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PostPosted: Mon Jul 02, 2007 12:28 am 
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[[Part deux]]

To Forrest et alia:

I live in a world of philosphy more different than you can imagine, where I belong to the C++ Stroustrup school and the Java-heads belong to the Java/Sun school, both of Object-Oriented design philosphy.

Unlike any other philosophy, Computer Science and its attendant Computer Engineering are the only schools of science that are wholly synthetic. That is, they are pure human invention. The Science is what we say it is and although there are competing and incompatible schools of thought, none can be proven to be wrong because it is ALL artiface! We humans built this thing, it is completely an invention and I am one of the artisans. Nature has no parallel to Computer Science and we did not discover it. Rather, we invented it. It is a human tool. Arguably, Computer Science is neither a Science nor is it Natural. Although, biology may soon enter this heady realm, once they can create a wholly synthetic organic molecule and build it into a wholly synthetic organism (they're working on a synthetic microbe).

With that in mind, physics may provide the bricks and mortar (electronics)but the concepts provide the structure. My arguments earlier applied to digital computers, a construct that has serious limits built into its fundimental base. One of those limits is the inability to provide true randomness. This alone argues for its inherently deterministic nature. One cannot construc t a f(x)=y where f(x)= rand(x) because rand(x) is only an approximation of a truely random function, rather it is a complex but predictable series.

This is where many naive attempts at encryption fail. Although, in my field, it is argued that even in an analog medium, true randomness is difficult, or even impossible, to implement. The guys working on Quantum Computers are, of course, arguing the complete opposite. :wink:

Remember what I said about Computer Science being wholly an artifact and see this for what it is, a bunch of artists using the new medium (Quantum Mechanics) to develop a new school of artiface, called Quantum Computing. The difference would be like working in Opaque Grays vs. Modern Tempras. Frankly, I'm not even sure how we could figure out a way to program this beast, but we will, eventually. This might indeed become the medium that would finally allow us to build a true neural net and pave the way towards true Artificial Intelligence. But to hear some philosophers, it might even be the first real intelligence since, humans aren't, arguably, intelligent. :wink:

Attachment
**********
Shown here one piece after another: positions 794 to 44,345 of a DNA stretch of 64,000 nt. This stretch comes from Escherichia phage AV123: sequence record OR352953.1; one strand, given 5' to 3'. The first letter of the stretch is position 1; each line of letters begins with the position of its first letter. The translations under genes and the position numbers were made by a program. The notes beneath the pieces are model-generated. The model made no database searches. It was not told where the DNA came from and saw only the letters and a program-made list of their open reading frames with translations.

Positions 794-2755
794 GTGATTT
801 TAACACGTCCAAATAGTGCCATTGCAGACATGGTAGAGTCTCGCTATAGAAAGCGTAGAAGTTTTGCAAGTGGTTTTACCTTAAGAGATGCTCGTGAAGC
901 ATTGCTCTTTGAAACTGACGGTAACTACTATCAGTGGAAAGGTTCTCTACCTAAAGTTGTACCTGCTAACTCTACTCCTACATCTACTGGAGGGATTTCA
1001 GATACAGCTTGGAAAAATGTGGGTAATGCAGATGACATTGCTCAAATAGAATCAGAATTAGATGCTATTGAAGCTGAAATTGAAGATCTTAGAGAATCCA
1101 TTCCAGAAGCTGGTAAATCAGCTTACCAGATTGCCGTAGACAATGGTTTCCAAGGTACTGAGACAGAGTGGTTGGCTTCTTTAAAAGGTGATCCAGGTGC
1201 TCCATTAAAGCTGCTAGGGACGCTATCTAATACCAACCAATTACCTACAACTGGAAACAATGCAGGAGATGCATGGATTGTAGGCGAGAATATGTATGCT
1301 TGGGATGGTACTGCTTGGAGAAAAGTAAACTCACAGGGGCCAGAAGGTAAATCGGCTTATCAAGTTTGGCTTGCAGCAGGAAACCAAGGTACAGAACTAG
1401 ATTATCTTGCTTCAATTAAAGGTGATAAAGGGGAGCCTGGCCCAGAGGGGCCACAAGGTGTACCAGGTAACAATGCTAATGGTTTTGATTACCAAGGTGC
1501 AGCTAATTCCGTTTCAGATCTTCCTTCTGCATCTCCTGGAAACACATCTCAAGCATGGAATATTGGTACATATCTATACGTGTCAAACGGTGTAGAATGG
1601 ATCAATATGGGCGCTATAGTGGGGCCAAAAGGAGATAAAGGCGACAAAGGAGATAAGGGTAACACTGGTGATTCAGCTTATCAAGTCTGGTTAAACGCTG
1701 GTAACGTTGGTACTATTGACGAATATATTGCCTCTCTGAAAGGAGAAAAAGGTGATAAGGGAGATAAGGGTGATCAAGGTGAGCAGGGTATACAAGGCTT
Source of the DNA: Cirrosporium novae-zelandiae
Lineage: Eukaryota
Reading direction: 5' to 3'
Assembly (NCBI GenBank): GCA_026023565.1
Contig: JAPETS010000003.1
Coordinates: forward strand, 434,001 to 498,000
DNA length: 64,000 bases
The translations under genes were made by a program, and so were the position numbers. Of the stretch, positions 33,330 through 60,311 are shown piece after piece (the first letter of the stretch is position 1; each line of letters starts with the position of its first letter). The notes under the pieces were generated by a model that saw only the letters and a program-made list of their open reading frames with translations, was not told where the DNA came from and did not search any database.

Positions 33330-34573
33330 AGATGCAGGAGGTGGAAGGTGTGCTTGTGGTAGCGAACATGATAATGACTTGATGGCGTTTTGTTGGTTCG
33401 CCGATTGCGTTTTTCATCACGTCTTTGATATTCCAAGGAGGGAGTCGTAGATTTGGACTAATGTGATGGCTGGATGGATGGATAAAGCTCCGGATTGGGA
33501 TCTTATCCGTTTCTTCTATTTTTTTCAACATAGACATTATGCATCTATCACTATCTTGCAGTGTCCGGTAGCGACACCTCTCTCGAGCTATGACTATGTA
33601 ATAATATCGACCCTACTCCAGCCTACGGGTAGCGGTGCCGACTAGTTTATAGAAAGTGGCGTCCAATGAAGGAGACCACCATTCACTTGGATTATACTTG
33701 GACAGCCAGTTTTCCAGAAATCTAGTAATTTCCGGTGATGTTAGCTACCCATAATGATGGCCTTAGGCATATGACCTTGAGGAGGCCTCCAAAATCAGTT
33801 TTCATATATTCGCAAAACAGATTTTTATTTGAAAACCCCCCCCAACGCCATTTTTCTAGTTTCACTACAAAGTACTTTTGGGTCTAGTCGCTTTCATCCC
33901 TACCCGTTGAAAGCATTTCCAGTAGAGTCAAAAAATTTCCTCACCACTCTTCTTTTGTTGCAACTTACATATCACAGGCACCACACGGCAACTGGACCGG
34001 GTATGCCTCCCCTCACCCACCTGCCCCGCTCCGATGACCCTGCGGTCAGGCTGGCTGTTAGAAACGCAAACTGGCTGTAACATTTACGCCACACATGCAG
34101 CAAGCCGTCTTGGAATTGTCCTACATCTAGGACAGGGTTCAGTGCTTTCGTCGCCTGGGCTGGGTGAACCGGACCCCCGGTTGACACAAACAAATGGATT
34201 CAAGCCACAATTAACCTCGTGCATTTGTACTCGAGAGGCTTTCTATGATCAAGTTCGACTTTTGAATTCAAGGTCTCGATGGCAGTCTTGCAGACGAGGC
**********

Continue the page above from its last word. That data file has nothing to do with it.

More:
Following historical precedent, it will take over a century to fully develop this technology such that we can make good use of it.

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PostPosted: Mon Jul 02, 2007 2:02 am 
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On the nature of random:

A friend of mine once said "Random is not being asked to pick a number between one and a thousand ... random is being askedto pick a number between one and a thousand, and answering 'chicken'."

Now, at the time we weren't discussing math and science so much as Monty Python, but I think the principle still stands. When Pythons came out, there hadn't been much completely absurdist sketch comedy (Aside from the earliest incarnation of that Q show, which I think beat the Pythons by a few months.) Sure, there'd been some random stuff before, but nothing to the degree Pythons brought about. Some television shows were content breaking the fourth wall... Pythons sought out and demolished the fifth, sixth, and possibly seventh walls, just to prove it could be done.

And as to the Quantum Computer... Decoherence is probably the single largest hurtle they're going to have to overcome in the process of creating some sort of stable architecture. Then again, it may not be that big of a deal... just ask any Windows user. We're already used to the concept that our data may or may not exist at any given moment based entirely on random and arbitrary fluctuations in the space-time continuium. It's just now, when we get the blue screen of death, it'll be in 8 dimensions and could possibly actually kill you.

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PostPosted: Mon Jul 02, 2007 11:22 pm 
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Slamlander wrote:
Gadzooks! I've uncovered a nest of closet philosophers here! :-o :wink:


I'm not exactly closeted about it... it's what I got my degree in.

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PostPosted: Tue Jul 03, 2007 12:08 am 
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Forrest wrote:
Slamlander wrote:
Gadzooks! I've uncovered a nest of closet philosophers here! :-o :wink:


I'm not exactly closeted about it... it's what I got my degree in.


The point is, you weren't the only one. You, I already knew about. :-)

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PostPosted: Tue Jul 03, 2007 8:49 am 
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Wasn't there a scientific theory that all things are predictable, if only we have the ability to detect them?